The other example of information fluency is more ambiguous, fraught with horror and promise and murky implication...

A week ago I was talking with one of our computer mavens about network traffic and server problems, and he showed me some graphs of actual traffic on our T1 lines, showing near-capacity use throughout most of the 24-hour day.

What's going on with the pipelines that move information to and from our campus?

Part of the answer turns out to be a novel piece of client software that has become very widespread in the last couple of months --and has almost totally escaped the notice of the world of print (one substantial article turned up in response to my search of Lexis/Nexis, from the Israeli newspaper A'aretz... but thousands of websites via AltaVista).

The forom of information in this case is MP3 files --digitized music. Not, you may say, part of the information universe of libraries or scholarship, and so off our screens... but supremely relevant to many of our students.

The client software, the application, is NAPSTER --of which I hadn't heard 9 days ago. Napster is

...a completely new way of thinking about music online... it works by making the libraries of other MP3 listeners accessible to you directly..."
(from the website)

Listen: if you have the Napster client running on your computer and you're connected to the Internet (say by the college's T1 line), you can send a search request for a song title or a band name and (almost immediately) get back a listing of other machines, also simultaneously running Napster, which have MP3 files with the same search string. That's pretty amazing: Napster creates a virtual catalog of material ON THE HARD DRIVES of machines which have the application running. But that's just the beginning. You can select MP3 files to be transferred to your machine, fetched from any of thousands of other sites; and people can do likelwise with MP3 files that reside on your machine, so long as you're connected and have Napster running. A vast traffic in MP3 files, reaching INTO C:\ drives.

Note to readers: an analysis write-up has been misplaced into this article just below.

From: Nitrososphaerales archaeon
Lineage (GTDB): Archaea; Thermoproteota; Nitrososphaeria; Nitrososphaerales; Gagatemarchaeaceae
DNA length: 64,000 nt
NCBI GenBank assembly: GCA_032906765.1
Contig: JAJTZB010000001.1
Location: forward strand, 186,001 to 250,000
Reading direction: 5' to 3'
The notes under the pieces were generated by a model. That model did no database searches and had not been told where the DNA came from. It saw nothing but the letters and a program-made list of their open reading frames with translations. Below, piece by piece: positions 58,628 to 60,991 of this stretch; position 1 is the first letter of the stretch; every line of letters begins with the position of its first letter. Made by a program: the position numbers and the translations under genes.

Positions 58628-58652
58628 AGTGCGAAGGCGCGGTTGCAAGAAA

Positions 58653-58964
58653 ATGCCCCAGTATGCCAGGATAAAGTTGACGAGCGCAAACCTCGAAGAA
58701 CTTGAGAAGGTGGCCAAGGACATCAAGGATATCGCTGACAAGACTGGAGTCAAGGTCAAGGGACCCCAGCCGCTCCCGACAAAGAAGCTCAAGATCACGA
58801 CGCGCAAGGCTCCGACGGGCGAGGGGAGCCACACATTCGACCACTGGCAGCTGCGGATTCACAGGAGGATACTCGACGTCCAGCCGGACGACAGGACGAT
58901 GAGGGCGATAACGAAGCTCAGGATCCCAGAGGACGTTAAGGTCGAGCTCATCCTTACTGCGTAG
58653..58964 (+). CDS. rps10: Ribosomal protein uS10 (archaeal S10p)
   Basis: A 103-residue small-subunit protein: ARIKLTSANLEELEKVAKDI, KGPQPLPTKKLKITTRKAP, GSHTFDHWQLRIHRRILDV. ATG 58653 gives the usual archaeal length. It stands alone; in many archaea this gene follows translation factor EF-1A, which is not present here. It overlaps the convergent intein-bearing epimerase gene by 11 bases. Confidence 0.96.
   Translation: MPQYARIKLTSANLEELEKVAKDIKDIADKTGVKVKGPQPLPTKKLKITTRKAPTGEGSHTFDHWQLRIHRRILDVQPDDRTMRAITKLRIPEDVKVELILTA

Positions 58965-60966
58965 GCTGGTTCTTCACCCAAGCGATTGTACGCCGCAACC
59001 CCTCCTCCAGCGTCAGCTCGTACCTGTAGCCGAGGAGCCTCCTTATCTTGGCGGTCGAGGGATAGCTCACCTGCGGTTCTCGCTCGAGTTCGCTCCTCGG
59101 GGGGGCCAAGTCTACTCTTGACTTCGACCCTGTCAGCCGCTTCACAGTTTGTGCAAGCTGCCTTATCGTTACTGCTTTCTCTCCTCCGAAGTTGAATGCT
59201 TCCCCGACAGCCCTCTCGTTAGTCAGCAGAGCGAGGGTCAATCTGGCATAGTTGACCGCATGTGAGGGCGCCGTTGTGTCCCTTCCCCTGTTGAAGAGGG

Terrifying implications for computing services and bandwidth demands. But the prospect of virtual communities of information sharers is really wonderful, in the abstract. Napster is a management tool for one specific kind of information, a harbinger of agents to come...

The point for fluency is: here's a form of information with which NONE of us is more than barely conversant. It's not the only one... and it won't be the last we'll have to deal with.

So. I doubt that fluency can be taught. I'm certain that fluency can be LEARNED, and that teachers can create environments in which that's the result --that students (and teachers themselves) DEVELOP fluency in finding, using, and presenting information. Fluency develops in environments in which one practises the arts, the craft, the science of interpreting data and information. Information landscapes are tectonically unstable in the extreme. We have to keep dancing.

By way of conclusion, I spend Thursday at University of Texas, talking to people who are (or whom I expected to be) concerned with teaching and supporting GIS. What I found surprised me: the Perry-Castañeda Map Library, which has an excellent web site with images of historic maps, neither knows nor cares about GIS, about digital mapping data... The Geography Department has an excellent GIS lab, with a dedicated technician --but it's a fiefdom, and there's no possibility for collaboration with other departments who are or might be interested in GIS. UT, like other large public institutions, is a dinosaur. By comparison, we're more like scurrying mammals in the underbrush, with a more efficient metabolism...

This experience renewed my faith that we can do things that make a difference, that are on the leading edge of Education. And we'll do them by figuring out effective ways to collaborate, on our various campuses and among ACS members. And some of what we figure out will influence what happens in the larger world of higher education.